In competitive Gwent, whenever the cards available change, certain decks will emerge over time as "the best." But what happens when one of those decks threatens to overpower all others?

A successful Gwent deck cannot simply be powerful in a vacuum. It must also be powerful relative to the metagame, the field of decks it could face. Metagaming, the skill of anticipating and adapting to changes in the field, is critical for top-tier Gwent success; over time, a player who adds metagaming to their skill set will encounter more favorable matchups and achieve better results.

Like most new collectible card games, Gwent has experienced an ever-shifting and often extreme metagame. Metagame health is a spectrum; there is no set point where a healthy metagame becomes extreme. Top players recognize roughly when a metagame is extreme, however, and react accordingly. After touching on healthy metagames, this article explores the several types of extreme metagames and how players can use them to their advantage.

 

Two Notes

1. This article focuses on Ranked Play. Pro Ladder metagaming differs greatly for several reasons, among them the need to play various factions to unlock their MMR and the different matchmaking system.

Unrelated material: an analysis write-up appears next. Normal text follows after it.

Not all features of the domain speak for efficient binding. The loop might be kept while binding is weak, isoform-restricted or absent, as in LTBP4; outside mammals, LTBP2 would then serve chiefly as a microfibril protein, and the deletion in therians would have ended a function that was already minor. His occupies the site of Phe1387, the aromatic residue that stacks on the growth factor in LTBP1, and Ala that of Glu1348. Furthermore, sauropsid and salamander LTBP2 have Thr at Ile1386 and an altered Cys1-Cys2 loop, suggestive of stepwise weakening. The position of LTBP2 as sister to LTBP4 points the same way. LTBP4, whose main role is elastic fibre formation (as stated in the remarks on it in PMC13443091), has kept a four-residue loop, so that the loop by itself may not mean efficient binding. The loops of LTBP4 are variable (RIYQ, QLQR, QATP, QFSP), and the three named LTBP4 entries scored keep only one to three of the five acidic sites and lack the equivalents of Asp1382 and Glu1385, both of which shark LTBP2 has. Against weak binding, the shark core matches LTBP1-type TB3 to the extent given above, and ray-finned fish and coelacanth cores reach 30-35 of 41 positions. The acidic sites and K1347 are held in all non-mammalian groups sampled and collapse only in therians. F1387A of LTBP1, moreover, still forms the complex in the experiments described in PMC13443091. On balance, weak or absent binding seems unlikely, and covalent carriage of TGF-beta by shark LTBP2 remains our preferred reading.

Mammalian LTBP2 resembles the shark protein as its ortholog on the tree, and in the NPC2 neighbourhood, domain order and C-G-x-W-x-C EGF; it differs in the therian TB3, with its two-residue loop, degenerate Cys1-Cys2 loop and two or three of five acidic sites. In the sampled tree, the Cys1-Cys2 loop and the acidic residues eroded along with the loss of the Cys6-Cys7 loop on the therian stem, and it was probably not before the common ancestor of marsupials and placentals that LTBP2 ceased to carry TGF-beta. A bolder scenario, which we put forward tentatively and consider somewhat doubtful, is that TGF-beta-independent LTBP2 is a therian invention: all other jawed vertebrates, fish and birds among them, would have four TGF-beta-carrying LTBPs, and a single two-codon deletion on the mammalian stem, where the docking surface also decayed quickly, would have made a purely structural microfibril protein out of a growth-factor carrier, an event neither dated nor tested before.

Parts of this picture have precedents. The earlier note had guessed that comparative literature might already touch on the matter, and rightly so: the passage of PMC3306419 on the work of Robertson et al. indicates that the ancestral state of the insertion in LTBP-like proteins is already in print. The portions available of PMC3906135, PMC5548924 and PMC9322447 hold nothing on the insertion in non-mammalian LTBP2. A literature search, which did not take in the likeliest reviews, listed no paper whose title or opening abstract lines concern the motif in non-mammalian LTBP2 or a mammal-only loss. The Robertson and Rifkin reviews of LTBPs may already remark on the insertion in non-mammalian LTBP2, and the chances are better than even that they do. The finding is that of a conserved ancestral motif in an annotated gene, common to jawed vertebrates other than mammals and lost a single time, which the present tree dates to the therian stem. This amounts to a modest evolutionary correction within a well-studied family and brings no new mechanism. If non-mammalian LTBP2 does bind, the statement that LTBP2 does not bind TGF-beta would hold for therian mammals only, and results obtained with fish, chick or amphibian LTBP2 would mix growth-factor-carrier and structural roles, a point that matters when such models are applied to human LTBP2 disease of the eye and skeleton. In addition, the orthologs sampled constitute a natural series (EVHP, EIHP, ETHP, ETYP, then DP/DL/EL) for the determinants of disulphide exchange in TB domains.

2. Metagame data gives only aggregate performance; while one leader may be the most-played with the highest win percentage in a given week, a specific build of another deck could have performed better.

 

Healthy Metagames

If all Gwent cards and decks were truly interchangeable, choosing a deck would become meaningless and the game would be terrible to play besides. Instead, a healthy metagame offers a wide but not infinite number of choices for players, allowing great variety in play styles and factions.

One of the most fondly remembered Gwent metagames was in December 2017, right before Gwent Challenger #2 and the Midwinter Update. The GwentUp Meta Report for 9 – 15 December 2017 shows a reasonably healthy metagame in the top tiers of Ranked Play:

All Meta Reports and screenshots thereof courtesy of the GwentUp Archives.

All but three leaders fall within a 45-55% win rate band, with King Radovid V just below the lower bound and Harald the Cripple and Dagon accounting for just 0.5% of the metagame between them. Further, while the best-performing leader, Emhyr var Emreis at the head of Nilfgaard Spies, is also the most-played in the metagame, its five most frequent matchups fall into the same 45%-55% band...with the exception of Eredin Bréacc Glas at a 39% win rate, a "safety valve" in case Emhyr got out of hand.

A healthy metagame offers tangible yet limited rewards for metagaming. If a player can expect to face a certain deck roughly one in five times, as with the Nilfgaard Spies deck above, filling flex spots with cards that are strong against it can make sense.